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Return to workplace may ease moonlighting concerns in IT: Experts

Moonlighting refers to employees taking up side gigs to work on more than one job at a time.

NEW DELHI: Moonlighting refers to employees taking up side gigs to work on more than one job at a time.

With the vexed issue now in the spotlight, some industry watchers expect employers to consider extra safeguards to protect proprietary information and operating models, especially where employees are working remotely. Companies, analysts say, could also turn tougher on exclusivity clauses in employment contracts.

That said, employers may feel somewhat reassured as tech workers trickle back in, and the office cubicles start to get occupied more regularly.

While the practice of moonlighting emerged as a big talking point after Wipro Chairman Rishad Premji flagged the issue, equating it to “cheating”, the industry’s take on it is rather divided.

Tech Mahindra CEO C P Gurnani tweeted recently that it is necessary to keep changing with the times and added, “I welcome disruption in the ways we work.”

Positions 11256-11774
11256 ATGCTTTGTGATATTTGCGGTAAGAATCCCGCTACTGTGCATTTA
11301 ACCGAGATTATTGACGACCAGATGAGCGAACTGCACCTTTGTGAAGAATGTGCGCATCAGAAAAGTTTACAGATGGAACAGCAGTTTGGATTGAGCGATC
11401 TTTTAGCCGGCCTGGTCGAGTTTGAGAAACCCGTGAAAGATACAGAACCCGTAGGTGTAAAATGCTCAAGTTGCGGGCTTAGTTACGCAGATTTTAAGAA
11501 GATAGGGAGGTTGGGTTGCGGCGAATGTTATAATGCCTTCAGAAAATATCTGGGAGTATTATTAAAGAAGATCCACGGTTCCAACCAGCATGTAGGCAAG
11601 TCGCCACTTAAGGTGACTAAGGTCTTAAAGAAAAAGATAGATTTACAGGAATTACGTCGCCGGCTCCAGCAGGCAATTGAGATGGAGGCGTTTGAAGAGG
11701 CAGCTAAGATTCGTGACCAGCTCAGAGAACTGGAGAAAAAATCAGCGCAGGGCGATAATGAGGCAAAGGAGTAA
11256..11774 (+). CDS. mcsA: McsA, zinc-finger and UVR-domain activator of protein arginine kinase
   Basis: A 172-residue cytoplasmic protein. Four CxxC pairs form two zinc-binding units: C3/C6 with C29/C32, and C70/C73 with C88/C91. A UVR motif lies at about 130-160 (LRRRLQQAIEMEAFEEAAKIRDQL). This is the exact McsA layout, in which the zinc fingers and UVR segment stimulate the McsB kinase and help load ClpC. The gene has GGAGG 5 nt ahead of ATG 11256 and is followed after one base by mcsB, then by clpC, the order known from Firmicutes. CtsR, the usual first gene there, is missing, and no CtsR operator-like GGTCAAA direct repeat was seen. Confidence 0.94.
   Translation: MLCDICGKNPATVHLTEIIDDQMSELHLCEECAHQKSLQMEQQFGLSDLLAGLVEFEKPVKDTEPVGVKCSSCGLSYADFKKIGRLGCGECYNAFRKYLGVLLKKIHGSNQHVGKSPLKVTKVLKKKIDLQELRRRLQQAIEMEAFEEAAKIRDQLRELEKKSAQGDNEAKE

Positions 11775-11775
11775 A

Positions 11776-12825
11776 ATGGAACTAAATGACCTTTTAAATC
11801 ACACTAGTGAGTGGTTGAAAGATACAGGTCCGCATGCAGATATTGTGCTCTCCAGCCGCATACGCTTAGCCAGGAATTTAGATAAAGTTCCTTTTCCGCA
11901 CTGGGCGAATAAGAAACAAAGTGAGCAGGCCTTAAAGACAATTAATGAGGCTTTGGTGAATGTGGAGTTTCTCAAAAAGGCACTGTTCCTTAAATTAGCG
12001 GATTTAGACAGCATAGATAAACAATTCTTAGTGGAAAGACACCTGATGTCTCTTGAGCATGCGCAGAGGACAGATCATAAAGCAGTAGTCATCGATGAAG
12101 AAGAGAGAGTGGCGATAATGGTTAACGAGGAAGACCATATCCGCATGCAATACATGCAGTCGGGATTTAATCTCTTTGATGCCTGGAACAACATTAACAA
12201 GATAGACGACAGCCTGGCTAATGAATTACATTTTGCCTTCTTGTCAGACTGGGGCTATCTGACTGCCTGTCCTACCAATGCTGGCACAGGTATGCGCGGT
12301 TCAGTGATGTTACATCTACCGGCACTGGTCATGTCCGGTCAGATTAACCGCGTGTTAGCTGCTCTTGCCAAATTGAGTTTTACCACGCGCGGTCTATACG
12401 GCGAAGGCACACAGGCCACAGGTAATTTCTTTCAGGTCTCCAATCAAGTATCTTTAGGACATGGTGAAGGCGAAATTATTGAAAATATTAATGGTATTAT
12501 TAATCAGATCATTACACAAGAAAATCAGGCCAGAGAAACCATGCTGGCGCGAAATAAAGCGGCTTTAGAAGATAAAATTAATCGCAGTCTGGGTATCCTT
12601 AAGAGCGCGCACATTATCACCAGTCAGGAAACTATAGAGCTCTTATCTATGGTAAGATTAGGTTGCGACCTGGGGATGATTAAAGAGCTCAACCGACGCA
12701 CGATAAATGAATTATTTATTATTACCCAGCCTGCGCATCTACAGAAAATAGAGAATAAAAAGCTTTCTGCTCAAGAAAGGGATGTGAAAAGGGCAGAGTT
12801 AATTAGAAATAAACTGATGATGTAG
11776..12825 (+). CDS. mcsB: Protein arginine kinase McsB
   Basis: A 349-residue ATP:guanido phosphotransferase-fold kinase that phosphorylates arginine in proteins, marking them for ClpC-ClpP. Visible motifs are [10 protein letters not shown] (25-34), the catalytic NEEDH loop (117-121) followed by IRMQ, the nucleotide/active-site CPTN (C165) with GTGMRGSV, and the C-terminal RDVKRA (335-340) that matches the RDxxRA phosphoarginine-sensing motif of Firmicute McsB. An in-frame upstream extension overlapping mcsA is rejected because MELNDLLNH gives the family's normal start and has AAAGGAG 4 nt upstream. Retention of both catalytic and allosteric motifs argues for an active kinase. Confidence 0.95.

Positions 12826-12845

IT industry veteran and former director of Infosys, Mohandas Pai told that low entry-level salary in tech industry has contributed to moonlighting. During the pandemic, Pai said, there was a surge in gig opportunities as “everything went digital”.

“If you don’t pay people well, they say I want to earn more money and here is the easy way of earning well because technology is available...I get paid in dollars very well, I can earn more... and so that is attractive,” he observed.

Pai contends that salaries of freshers in the software industry have not seen much improvement in the last 10 years, and professionals are, in fact, “underpaid” in the first 3-4 years of their career.

“The gig economy has opened up, and there are lot of gig platforms globally where one can register and work for anybody around the world. And they will pay for pieces of work,” he explained.

Pai feels that while employees should not indulge in outside work during the time committed to their companies, nor leverage intellectual property, asset or resources of their employers for other purposes, individuals’ free time is their own.

“Outside that time (work hours), what you do, is your problem,” he asserted.

Pai estimates that 6-8 per cent of people indulge in moonlighting now, as against 1-2 per cent earlier.

Tech workers agree moonlighting gained ground after the onset of COVID-19 triggered ‘work from home’.

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